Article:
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A “private mortgage” involves an entity or individual extending a loan for a mortgage, rather than a bank or credit union. There are many people who have the means to pay a mortgage but who do not fit within the banks’ metrics for financing approval; for them, private mortgages allow them to start working toward home ownership. As with any major financial decision, there are benefits and drawbacks with respect to private mortgages, so it’s important to make yourself aware of both sides of the decision before jumping in.
Benefits of a Private Mortgage
If you go to a bank and apply for a mortgage, the loan officer will ask you for a considerable amount of documentation. Bank statements, pay stubs, employment histories and income verification are all a part of this process. Many banks also ask about where you got the funds for your down payment. After this, they have to run a “stress test” to make sure that you can pay the mortgage each month, not just at the current interest rate but at a higher interest rate, just in case rates go up at renewal – because, in Canada, you cannot take out a loan with a term of more than 10 years, even though most mortgages are amortized on the basis of 15, 20 or 30 years.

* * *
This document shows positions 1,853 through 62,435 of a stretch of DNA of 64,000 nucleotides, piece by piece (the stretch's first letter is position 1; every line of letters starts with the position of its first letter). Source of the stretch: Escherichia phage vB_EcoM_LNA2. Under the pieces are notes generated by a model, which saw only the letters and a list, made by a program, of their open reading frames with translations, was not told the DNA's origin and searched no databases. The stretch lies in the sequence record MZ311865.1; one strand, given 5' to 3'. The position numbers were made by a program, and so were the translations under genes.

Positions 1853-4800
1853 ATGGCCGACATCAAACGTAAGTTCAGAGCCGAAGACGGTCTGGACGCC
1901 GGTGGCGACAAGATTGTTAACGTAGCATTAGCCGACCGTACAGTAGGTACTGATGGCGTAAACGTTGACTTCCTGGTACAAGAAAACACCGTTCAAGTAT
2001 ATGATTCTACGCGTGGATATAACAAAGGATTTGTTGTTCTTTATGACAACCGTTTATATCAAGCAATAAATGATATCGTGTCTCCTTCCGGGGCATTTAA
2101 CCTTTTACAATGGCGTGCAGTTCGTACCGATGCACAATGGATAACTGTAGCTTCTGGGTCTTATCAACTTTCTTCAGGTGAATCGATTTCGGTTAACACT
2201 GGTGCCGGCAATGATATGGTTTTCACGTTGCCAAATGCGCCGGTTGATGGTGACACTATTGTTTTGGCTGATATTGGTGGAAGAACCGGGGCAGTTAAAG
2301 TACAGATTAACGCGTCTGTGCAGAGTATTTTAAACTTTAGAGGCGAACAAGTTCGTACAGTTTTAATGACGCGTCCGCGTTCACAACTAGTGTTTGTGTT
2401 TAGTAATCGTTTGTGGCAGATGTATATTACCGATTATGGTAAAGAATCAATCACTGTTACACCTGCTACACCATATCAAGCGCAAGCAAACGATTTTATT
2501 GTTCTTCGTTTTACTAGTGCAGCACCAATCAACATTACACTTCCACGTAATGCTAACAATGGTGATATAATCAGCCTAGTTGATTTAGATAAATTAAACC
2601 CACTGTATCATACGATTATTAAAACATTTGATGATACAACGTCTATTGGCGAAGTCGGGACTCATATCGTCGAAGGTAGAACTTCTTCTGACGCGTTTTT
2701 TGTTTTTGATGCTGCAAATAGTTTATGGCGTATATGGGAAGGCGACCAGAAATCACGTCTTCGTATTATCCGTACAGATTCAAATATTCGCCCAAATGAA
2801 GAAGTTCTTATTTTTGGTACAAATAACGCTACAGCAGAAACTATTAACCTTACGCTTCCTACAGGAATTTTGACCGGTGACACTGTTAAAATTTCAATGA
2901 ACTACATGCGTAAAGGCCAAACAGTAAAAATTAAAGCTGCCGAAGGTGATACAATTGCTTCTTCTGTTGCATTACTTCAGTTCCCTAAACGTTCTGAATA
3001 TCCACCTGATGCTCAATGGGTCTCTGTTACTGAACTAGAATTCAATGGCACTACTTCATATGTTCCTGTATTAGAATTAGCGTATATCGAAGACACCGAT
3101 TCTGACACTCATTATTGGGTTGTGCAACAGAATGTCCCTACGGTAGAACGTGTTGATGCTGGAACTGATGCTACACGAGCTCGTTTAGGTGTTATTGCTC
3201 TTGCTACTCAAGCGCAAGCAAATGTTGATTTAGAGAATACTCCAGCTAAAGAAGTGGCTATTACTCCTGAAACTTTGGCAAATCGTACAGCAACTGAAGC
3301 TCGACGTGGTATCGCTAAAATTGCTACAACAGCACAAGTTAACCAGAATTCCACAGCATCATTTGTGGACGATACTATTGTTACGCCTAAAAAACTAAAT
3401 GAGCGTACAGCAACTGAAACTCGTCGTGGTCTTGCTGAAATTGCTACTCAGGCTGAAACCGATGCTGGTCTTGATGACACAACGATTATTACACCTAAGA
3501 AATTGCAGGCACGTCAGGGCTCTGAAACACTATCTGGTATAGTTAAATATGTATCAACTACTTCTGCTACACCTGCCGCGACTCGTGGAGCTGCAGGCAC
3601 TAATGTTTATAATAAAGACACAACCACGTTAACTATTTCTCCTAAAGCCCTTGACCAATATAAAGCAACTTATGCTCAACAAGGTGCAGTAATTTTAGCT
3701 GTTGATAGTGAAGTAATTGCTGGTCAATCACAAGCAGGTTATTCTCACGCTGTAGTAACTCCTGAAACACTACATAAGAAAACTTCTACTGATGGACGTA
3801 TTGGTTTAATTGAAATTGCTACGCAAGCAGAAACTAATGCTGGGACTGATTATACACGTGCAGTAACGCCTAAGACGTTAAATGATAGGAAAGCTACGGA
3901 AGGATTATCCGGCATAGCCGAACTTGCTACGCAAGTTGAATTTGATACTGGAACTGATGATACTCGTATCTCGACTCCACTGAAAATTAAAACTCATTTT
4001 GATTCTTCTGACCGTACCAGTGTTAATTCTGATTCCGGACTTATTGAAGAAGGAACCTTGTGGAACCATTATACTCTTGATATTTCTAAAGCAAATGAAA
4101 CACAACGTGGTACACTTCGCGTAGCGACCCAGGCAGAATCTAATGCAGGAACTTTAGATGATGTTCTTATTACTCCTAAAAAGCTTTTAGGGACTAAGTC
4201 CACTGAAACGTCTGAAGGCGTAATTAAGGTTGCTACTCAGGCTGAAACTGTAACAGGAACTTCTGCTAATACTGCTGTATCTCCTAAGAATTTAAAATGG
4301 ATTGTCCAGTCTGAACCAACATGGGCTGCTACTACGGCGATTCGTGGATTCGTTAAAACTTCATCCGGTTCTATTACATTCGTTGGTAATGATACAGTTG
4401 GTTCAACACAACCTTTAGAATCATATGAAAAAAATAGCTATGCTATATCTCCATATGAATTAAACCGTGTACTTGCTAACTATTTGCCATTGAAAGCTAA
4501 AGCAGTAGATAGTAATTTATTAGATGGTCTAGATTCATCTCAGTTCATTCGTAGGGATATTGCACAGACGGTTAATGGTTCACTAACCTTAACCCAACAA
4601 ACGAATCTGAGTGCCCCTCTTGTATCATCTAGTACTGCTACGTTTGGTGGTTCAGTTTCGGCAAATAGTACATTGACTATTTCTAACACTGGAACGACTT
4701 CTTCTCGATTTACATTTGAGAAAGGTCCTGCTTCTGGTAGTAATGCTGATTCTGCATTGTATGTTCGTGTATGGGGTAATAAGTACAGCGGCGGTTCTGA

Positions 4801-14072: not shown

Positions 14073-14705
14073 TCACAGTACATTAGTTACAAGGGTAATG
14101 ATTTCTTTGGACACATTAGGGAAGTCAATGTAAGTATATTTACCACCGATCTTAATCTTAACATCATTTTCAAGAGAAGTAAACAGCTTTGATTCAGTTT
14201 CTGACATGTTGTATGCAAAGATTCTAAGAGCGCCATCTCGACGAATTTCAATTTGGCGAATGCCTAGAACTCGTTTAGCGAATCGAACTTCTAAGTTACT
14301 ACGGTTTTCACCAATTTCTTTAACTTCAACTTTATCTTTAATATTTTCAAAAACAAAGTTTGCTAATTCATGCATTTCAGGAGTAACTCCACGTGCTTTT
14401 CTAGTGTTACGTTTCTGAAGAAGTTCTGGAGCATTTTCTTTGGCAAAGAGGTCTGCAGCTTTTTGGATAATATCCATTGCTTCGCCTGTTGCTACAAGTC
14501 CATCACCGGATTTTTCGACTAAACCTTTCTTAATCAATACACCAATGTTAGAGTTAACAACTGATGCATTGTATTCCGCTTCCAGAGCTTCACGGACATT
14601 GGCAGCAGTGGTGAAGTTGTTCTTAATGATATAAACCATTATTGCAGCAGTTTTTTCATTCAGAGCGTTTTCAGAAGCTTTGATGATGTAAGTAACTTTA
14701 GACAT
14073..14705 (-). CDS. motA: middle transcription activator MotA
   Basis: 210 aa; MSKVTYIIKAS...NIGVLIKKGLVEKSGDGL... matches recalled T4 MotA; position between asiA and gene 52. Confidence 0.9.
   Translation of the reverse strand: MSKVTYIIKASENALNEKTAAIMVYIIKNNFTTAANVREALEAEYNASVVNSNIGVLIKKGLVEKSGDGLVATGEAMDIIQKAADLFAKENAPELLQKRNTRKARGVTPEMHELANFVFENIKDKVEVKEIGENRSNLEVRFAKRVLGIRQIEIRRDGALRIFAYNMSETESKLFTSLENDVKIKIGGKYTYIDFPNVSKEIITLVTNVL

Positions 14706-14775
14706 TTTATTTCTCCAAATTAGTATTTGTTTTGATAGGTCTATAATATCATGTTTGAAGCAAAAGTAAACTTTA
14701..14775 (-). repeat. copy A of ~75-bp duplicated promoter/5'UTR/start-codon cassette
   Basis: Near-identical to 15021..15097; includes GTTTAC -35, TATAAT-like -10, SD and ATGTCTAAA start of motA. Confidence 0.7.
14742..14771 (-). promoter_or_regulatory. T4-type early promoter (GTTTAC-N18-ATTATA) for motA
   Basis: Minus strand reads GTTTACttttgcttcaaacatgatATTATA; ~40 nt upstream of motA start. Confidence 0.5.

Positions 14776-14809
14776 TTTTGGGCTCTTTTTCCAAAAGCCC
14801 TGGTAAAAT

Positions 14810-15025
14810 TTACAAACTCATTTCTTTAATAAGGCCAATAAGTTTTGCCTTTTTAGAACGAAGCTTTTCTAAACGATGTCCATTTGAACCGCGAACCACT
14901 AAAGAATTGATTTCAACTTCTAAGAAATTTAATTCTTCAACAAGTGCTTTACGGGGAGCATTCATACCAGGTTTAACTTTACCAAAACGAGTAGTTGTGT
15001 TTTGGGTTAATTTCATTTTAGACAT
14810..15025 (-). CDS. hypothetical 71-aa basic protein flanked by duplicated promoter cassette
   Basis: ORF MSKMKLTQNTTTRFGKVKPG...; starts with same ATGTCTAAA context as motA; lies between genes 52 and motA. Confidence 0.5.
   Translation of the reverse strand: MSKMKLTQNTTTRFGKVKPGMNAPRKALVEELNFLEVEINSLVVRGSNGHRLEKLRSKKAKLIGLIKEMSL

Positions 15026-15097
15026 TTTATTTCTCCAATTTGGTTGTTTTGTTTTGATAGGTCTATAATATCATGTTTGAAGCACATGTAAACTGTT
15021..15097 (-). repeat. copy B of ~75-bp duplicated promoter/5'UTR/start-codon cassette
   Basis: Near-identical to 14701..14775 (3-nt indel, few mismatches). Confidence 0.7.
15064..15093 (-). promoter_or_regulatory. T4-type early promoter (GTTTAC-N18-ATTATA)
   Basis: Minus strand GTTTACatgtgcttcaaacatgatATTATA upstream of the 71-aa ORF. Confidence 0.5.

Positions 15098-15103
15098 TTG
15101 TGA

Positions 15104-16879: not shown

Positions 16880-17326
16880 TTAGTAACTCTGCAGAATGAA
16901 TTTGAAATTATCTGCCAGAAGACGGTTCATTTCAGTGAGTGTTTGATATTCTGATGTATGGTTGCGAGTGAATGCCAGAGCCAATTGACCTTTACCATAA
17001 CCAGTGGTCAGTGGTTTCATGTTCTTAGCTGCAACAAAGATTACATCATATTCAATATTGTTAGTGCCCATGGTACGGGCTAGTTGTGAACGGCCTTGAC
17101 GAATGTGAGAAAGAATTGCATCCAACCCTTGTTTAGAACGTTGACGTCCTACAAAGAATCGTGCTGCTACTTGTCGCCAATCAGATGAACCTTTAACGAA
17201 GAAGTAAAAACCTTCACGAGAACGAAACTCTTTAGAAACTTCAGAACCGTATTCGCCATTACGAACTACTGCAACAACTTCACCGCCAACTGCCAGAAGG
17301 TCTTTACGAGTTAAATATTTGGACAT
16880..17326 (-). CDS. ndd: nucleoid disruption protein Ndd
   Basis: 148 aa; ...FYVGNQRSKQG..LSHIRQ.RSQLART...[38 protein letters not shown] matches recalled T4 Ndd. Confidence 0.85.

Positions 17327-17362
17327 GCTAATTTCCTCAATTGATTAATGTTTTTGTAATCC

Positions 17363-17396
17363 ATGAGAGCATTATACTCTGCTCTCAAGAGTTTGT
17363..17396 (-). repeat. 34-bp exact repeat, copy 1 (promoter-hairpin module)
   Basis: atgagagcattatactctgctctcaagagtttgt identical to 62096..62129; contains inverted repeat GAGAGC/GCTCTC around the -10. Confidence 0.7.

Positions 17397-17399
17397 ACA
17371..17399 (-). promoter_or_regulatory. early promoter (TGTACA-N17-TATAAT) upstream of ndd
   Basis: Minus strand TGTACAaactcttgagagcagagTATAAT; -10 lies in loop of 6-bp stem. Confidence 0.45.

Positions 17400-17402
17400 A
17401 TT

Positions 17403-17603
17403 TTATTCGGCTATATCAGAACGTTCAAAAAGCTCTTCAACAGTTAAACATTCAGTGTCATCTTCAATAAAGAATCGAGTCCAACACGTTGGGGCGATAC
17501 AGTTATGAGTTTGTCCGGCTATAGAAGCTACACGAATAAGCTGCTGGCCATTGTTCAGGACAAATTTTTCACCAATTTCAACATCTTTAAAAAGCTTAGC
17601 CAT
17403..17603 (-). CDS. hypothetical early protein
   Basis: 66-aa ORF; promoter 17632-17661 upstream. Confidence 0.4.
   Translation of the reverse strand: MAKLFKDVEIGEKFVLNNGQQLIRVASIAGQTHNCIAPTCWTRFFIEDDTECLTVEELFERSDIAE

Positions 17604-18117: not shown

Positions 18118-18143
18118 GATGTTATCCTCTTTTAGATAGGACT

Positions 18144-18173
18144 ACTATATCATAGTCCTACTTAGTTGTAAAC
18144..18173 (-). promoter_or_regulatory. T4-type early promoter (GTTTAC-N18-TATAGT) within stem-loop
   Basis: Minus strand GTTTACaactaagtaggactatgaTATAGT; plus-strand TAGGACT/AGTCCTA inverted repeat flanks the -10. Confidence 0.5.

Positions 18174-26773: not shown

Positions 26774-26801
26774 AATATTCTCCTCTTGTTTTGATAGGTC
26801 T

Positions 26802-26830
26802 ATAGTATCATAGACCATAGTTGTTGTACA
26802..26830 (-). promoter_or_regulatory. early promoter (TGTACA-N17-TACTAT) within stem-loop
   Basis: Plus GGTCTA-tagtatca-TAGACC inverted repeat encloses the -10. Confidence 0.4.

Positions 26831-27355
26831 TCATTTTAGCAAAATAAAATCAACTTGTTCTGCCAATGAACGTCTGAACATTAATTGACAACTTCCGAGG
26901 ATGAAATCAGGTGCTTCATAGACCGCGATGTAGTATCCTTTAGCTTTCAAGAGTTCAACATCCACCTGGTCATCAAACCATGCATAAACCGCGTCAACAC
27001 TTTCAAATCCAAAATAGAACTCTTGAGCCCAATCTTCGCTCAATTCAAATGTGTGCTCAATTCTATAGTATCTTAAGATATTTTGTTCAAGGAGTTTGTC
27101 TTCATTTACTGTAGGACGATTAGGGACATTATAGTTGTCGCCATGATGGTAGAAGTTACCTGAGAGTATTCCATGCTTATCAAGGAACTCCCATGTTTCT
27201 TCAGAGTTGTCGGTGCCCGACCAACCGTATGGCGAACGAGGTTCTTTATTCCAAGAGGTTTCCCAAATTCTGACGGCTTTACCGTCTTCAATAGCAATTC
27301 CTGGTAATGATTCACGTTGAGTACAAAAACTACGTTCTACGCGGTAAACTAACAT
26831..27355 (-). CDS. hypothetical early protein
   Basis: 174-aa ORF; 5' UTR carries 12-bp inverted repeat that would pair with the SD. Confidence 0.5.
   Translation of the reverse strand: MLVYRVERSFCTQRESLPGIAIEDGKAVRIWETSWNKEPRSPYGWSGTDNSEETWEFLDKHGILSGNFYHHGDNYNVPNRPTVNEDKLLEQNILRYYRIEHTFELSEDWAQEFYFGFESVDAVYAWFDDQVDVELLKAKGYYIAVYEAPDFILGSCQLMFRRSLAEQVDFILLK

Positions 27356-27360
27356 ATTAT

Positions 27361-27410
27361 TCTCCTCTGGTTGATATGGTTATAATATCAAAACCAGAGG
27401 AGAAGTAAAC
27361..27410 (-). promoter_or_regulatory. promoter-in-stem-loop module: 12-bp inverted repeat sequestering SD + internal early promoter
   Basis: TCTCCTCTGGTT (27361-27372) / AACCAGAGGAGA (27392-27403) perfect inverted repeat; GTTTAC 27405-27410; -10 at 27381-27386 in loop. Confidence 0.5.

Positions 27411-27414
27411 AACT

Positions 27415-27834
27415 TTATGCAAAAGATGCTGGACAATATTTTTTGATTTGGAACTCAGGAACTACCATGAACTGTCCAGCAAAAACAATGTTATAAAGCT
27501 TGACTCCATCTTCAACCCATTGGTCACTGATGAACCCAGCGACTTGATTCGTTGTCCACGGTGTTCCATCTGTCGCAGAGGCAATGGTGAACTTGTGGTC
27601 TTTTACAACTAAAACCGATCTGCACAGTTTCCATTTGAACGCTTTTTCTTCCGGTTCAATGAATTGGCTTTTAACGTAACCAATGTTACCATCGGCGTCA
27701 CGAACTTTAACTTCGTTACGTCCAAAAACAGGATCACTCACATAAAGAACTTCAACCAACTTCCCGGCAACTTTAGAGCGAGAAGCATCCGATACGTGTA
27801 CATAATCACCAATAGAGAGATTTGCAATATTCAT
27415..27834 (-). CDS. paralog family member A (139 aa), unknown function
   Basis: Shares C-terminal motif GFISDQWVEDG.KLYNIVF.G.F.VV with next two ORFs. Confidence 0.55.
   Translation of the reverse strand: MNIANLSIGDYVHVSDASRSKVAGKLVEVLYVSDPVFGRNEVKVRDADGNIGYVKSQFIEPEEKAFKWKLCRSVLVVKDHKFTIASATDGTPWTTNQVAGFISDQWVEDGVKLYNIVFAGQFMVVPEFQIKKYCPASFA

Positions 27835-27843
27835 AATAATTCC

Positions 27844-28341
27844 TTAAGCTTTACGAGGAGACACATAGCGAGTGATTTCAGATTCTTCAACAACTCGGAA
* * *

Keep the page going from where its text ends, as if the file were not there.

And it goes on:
However, even if you make plenty of money to pay the mortgage each month and have enough for a 20 percent down payment, if you are self-employed, loan officers will often scrutinize your employment and income, and if you have any credit glitches in the past seven years, that can make qualifying more of a problem.